Theodore is was the Bishop of Mopsuestia in the late 4th and early 5th centuries, a town in the vicinity of Antioch. He was a fellow student of the much more famous Chrysostom. He is a good representative of the interpretive method that Antioch is known for, more historical/grammatical/literal and less allegorical like their Alexandrian counterparts. He is (in)famous for his association with Nestorianism. Nestorianism’s namesake, Nestorius, was his pupil and became Archbishop of Constantinople in the year Theodore died. It was after Theodore’s death that Nestorius was condemned and Theodore with him.
So I was planning on starting to blog about Theophilus of Antioch, but that will wait. At the end of the week I received a request for comment about a bit of Greek from Epiphanius’ Panarion. Figured I would share about that.
So, what has been going on guys? Things have been rather quiet around here. I don’t expect anyone to still be around...but hi anyway! Now begins the obligitory “I have not blogged in like forever” post.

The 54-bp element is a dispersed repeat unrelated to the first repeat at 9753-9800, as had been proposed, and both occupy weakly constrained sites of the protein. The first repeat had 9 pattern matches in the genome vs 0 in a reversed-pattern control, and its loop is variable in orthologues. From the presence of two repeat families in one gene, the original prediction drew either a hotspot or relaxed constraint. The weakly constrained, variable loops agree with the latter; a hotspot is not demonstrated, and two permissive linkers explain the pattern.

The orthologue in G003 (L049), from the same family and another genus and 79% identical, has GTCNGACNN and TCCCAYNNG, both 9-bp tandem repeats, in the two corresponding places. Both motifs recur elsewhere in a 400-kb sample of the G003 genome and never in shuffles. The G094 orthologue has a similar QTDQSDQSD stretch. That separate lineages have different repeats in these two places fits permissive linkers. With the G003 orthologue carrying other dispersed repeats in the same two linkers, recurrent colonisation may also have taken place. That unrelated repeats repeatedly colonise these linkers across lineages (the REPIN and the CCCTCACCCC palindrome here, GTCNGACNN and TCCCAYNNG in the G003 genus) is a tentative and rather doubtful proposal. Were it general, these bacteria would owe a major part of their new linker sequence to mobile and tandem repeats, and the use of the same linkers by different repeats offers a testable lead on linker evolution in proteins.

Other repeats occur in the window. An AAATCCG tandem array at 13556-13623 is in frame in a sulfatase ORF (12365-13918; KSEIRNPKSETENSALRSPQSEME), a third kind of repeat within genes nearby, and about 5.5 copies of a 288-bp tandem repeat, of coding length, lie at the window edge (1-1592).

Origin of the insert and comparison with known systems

For the last several Sundays I have been taking our adult morning study group through a survey of early Christianity. It has been a lot of fun. Also, I know there are some out there in the ether that are listening to the recordings, so I've been meaning to post the readings (and discussion questions when I have them)...and here they are (or were), including the readings I'm taking the group through this Sunday. I hope someone finds this beneficial.
This week has been very busy. There are, of course, the usual culprits like work and family. This week was a bit different because of an event we had tonight at church.
Just saw this post over at The Way of the Fathers blog All of Migne? Not quite. But I'm glad to see it online.
Thanks for pointing it out, Mike.
Delphi, classically famous home of an oracle to Apollo, is a sight to see in person. A few weeks ago my wife and I spent a few hours there. Since we were already tired from hiking in Meteora and it was rather warm, the trek wasn’t particularly easy. But the ruins…the ruins were awesome.
Fantastic catch at one of the Half Price Books near work today. Spent way too much money though. Of those I got, the following four are the ones I am most looking forward to reading:
Today I finished up Mark 13 in the adult Sunday School class. We’ve been on the chapter for several weeks now and we’ve covered a lot of interesting material, but it is time to move on. It has actually seemed longer than it has actually taken because of something that is key to understanding Mark 13, and this is that Mark 13 is just a thematic continuation of both chapters 11 and 12.